– “Who forms our most intimate communities and who do we want to be in our communities… and what would species have to do with it?”

– Family’s religion “it wasn’t robust enough to reject…”

– “What my parents wanted from a church was less a sense of religious community than just community”

– Presbyterian church active in South American solidarity, anti-apartheid movements

– “The household that I grew up in… was probably defined by a genuine secular #humanism “

– Feeling a sense of loss re: transcendence/spirituality “I imagine it would be nice”

– Seeing the positives and negatives of religious community

– “I do try to live collectively and intergenerationally”

– “I really value the sense of a structured community that religion seems to provide. I don’t so much value the religious aspect of it.”

– Dialectical epistemology. The risks of a completely positional epistemology losing touch with reality?

– “Marxist understanding of forms of knowledge… They’re not random… they’re based in our material and our economic structures… develops a clearer understanding of the confines of our reality… where it comes from and what is able to be changed”

– “As unchangeable as reality may seem to be at any one moment… if one studies history one realises how much it has changed”

Frederic Jameson ~“The only unchanging aspect of human nature is the constant change”

– Philosophy major: “Without the materialist angle, without the economic angle, the conversations that you’re able to have as a philosopher did seem to me to be somewhat random and abstract… ethical examples without any real world consequence or import”

– “Things change… that can be both an emancipatory lesson and a frightening lesson… because they don’t always change for the better”

– Progress narratives vs. “history puts its worst food forward”… “that’s always a struggle… rights… it’s a struggle to get them and it’s a struggle to maintain them”

– Economic perspectives tend to be more deterministic… more of a driver e.g. “The poorer sections of the rural south (USA) are completely immersed in these different logics of animal farming…”

– Farmer: “What do I care if the calf dies… I’m raising these animals to kill them”… “These are all economic logics that were guiding us but perhaps were not evident at the time”.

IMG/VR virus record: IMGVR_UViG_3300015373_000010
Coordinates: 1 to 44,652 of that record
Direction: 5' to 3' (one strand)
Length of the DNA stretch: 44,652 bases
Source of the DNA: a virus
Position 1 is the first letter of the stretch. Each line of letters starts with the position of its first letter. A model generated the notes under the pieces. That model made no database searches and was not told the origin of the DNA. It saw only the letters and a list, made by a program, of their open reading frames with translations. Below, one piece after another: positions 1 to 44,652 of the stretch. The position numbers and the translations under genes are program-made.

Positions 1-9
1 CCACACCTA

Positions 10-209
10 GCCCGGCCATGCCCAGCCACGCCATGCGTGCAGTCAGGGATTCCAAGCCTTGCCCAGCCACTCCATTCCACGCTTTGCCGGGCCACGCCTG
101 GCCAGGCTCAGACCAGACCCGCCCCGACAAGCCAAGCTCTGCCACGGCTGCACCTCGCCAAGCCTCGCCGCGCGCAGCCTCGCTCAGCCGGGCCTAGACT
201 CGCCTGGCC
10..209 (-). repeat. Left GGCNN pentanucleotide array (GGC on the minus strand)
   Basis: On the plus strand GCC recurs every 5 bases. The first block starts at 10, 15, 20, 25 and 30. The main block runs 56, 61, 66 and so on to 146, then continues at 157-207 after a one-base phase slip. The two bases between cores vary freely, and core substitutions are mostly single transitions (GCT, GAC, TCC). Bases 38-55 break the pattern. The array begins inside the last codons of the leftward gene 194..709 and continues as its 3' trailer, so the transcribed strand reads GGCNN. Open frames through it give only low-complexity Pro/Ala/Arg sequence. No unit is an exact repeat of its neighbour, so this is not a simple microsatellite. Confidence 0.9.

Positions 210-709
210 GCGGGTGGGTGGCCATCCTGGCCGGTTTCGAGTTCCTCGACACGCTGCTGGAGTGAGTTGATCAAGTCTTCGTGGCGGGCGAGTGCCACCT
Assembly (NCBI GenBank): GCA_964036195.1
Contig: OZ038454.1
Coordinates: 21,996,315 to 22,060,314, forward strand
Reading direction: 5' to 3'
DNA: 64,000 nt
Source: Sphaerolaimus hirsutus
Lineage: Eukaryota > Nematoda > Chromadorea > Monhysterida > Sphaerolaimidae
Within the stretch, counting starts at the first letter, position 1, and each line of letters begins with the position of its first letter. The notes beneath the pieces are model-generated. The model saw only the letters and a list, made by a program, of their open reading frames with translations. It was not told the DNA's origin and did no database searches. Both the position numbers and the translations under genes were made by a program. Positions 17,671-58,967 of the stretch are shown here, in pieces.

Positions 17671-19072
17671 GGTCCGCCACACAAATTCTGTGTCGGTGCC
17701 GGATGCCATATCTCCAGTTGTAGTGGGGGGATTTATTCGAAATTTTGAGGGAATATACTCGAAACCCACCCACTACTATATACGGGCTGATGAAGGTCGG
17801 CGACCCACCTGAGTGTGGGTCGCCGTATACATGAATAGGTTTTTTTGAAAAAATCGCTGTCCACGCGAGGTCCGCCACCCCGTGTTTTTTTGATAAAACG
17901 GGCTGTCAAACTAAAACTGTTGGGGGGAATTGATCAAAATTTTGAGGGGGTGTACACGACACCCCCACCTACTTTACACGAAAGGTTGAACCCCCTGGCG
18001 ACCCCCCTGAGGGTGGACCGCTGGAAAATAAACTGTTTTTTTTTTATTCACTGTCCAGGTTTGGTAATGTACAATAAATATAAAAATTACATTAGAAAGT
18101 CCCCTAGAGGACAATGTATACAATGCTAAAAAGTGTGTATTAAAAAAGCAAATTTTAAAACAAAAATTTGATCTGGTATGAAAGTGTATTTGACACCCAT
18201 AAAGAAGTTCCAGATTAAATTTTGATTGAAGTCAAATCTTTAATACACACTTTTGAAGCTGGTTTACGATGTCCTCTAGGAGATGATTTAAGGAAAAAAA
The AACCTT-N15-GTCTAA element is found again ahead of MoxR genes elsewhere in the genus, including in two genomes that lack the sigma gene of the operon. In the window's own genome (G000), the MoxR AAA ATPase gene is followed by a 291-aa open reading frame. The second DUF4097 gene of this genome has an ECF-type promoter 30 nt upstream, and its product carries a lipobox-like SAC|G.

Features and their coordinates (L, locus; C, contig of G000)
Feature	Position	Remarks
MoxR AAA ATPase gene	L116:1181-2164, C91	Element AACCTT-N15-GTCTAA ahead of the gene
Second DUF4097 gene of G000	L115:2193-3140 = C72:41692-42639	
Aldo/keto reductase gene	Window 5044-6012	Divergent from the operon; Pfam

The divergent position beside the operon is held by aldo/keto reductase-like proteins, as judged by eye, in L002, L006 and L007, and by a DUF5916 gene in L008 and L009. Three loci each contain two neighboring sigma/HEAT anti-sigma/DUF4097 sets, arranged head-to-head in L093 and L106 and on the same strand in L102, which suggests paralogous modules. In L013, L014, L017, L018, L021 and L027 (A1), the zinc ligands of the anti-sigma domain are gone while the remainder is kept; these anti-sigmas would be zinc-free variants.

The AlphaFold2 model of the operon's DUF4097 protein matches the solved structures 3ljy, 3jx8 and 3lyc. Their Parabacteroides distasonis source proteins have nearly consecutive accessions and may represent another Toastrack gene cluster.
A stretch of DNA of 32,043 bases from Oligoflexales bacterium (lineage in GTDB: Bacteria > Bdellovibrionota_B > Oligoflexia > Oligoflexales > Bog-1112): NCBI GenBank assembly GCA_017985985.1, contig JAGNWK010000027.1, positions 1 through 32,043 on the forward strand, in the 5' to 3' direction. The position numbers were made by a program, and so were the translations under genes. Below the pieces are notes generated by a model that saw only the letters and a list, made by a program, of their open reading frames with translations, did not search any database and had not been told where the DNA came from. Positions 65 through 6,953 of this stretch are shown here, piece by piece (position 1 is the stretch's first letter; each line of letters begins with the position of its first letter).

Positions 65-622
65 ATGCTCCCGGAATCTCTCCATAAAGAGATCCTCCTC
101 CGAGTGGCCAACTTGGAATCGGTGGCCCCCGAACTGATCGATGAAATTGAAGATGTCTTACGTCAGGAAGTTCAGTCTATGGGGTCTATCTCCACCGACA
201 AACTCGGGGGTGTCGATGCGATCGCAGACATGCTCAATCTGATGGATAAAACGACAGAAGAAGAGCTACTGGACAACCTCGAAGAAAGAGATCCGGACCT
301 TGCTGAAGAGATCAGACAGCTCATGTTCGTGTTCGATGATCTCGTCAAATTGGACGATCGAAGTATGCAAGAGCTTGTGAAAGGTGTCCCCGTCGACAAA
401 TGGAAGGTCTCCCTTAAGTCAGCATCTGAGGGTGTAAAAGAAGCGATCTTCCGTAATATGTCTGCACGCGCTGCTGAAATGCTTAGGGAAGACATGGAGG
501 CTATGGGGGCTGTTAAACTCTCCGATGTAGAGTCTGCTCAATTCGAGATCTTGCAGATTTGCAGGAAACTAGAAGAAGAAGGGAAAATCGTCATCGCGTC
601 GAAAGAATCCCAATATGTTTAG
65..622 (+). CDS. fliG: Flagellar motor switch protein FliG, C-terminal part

29:15 What Matters?

– Marx, social struggle “to each should come a potential for self-development. That self-development can take a lot of different forms because people are radically different.”

– “Play, joy, creativity, learning, freedom from constraint…”

– “The things that seem to encumber… in terms of people… it’s primarily economic – lack of access to resources… education or housing or food”

– “Providing a space for consistent and unique self-development is crucial… it’s also crucial to me to be able to do that for animals… I don’t yet have the language, the vocabulary, the schemes that I think would enable animals to do that – although I certainly know what would enable them not to do that – for instance factory farming. That’s not a scene of self-development”

– Different scales of thinking: planetary, community, household questions?

– Freedom and autonomy as enablers for flourishing and self-development rather than as ends in themselves?

33:57 Who Matters?

– “I sort of imagine a community”

– Going vegan in 2017 after “a dream in which my recently deceased cat came to me… interrogating me… ‘how is it you have this meaningful relationship with me but not with all these other animals’”

– “It enabled me to see other animals… I want to see these animals as part of my community… a scene of reciprocal potential for self-development”

– “It’s not religious… but there was a sense of a common spirituality which I had actually never experienced before in my few years at church…”

– “We could have an inter-species community… we already do… but certain of our species are not acknowledged”

– Everyone cares about whales (where we’re not involved directly in harming them) “but what do we sense and feel about the animals who are actually in our daily lives… in a park… subway station… in a pet store… on a grocery shelf? How can we expand our sense of community… to include other species?”